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Thermal Coal Prices rise to 3-week high

European coal prices rose to near three-week highs in Monday trading as a jittery gas market fed into bullish sentiment amid signs of growing demand for stock replenishment.

The front-month API 2 contract was last seen up USD 1.75 on the previous settlement at USD 113.50/t, on Ice Futures.

It earlier reached its highest level since 6 March of USD 113.70/t.

“Everything is up today – coal, gas, EUAs and oil,” said a coal analyst with a trading house, noting “this is an energy complex movement on geopolitical risk, due to the events since Friday”.

In particular, he pointed to an escalation in Russian attacks on Ukraine’s energy system, which this weekend struck a gas storage facility, albeit with no tangible impact on operations.

“There are more attacks, so it’s not looking good,” he added.

Analyst firm Kpler said in a note that European coal prices were drawing support from gas, amid concerns of supply disruptions.

The benchmark front-month Dutch TTF gas contract was seen last up EUR 0.99 at EUR 28.77/MWh, underpinned by concerns over maintenance at the second largest US LNG export terminal, Freeport.

“Once these concerns subside, European coal prices are expected to revert to reflecting underlying fundamentals, consequently resuming their downward trajectory,” Kpler added.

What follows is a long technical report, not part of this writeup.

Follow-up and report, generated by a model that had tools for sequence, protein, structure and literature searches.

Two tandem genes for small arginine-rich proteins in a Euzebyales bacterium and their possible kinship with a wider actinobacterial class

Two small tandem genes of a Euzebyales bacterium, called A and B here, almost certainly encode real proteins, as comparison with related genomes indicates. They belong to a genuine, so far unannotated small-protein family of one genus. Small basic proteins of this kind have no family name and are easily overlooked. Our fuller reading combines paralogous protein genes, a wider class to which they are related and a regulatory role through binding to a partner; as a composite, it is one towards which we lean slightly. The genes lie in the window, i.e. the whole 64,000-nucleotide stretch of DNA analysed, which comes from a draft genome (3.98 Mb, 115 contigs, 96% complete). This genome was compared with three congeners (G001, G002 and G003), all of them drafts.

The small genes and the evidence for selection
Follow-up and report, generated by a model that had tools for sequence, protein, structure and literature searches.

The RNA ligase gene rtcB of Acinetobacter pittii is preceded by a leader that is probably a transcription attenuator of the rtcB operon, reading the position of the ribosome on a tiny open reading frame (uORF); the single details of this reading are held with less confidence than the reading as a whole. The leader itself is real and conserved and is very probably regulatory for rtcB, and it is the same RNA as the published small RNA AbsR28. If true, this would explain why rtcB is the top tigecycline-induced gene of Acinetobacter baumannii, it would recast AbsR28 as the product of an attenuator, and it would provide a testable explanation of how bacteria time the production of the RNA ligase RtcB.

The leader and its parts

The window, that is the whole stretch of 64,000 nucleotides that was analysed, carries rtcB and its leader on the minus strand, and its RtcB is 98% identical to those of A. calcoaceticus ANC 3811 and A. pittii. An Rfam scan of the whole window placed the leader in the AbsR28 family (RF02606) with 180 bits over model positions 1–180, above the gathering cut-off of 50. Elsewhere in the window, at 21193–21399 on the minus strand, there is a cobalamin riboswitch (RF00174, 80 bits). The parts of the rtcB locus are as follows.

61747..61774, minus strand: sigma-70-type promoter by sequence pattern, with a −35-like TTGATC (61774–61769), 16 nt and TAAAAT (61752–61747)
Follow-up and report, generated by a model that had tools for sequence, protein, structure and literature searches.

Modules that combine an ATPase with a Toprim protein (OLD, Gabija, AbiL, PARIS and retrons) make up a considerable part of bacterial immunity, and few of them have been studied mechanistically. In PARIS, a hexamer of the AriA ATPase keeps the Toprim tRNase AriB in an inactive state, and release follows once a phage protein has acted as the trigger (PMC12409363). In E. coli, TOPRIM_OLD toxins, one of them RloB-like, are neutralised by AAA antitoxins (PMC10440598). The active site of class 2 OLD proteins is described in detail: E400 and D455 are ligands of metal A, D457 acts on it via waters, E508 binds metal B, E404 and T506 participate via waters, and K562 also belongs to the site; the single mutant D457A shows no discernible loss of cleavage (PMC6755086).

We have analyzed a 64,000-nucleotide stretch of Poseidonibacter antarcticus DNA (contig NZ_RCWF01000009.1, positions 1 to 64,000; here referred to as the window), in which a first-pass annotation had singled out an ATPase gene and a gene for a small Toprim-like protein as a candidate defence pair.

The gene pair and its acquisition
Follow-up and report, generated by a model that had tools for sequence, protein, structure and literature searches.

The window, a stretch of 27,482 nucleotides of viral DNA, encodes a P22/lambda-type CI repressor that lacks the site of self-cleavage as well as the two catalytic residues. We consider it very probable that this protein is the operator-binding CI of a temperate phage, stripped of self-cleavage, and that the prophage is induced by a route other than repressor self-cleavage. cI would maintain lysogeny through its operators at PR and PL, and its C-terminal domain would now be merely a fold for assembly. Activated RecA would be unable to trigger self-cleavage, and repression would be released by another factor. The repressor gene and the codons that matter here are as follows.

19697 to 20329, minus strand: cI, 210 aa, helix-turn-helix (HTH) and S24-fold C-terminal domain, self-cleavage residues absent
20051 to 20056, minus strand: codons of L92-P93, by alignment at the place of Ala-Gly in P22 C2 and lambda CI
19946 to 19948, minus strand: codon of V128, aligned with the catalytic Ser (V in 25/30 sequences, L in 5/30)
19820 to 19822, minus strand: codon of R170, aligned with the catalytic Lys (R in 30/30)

A head trader with a coal trading firm also pointed to support from the competing gas market, noting, however, there were supportive signals from a coal-fundamental viewpoint.

Restocking demand
“Demand is reviving, so I’m not so bearish now,” he said, adding that this was primarily due to post-winter restocking.

The analyst agreed, citing buying interest from Morocco and Turkey, despite a still sluggish European market.

Stocks at key Amsterdam, Rotterdam and Antwerp (ARA) import terminals last week slipped to three-month lows of 5.6m tonnes, according to provisional Montel estimates.

Thermal coal imports to northwestern Europe were provisionally forecast to reach around 2.52m tonnes this month, down from 2.81m tonnes in February, according to DBX projections.

By: Laurence Walker

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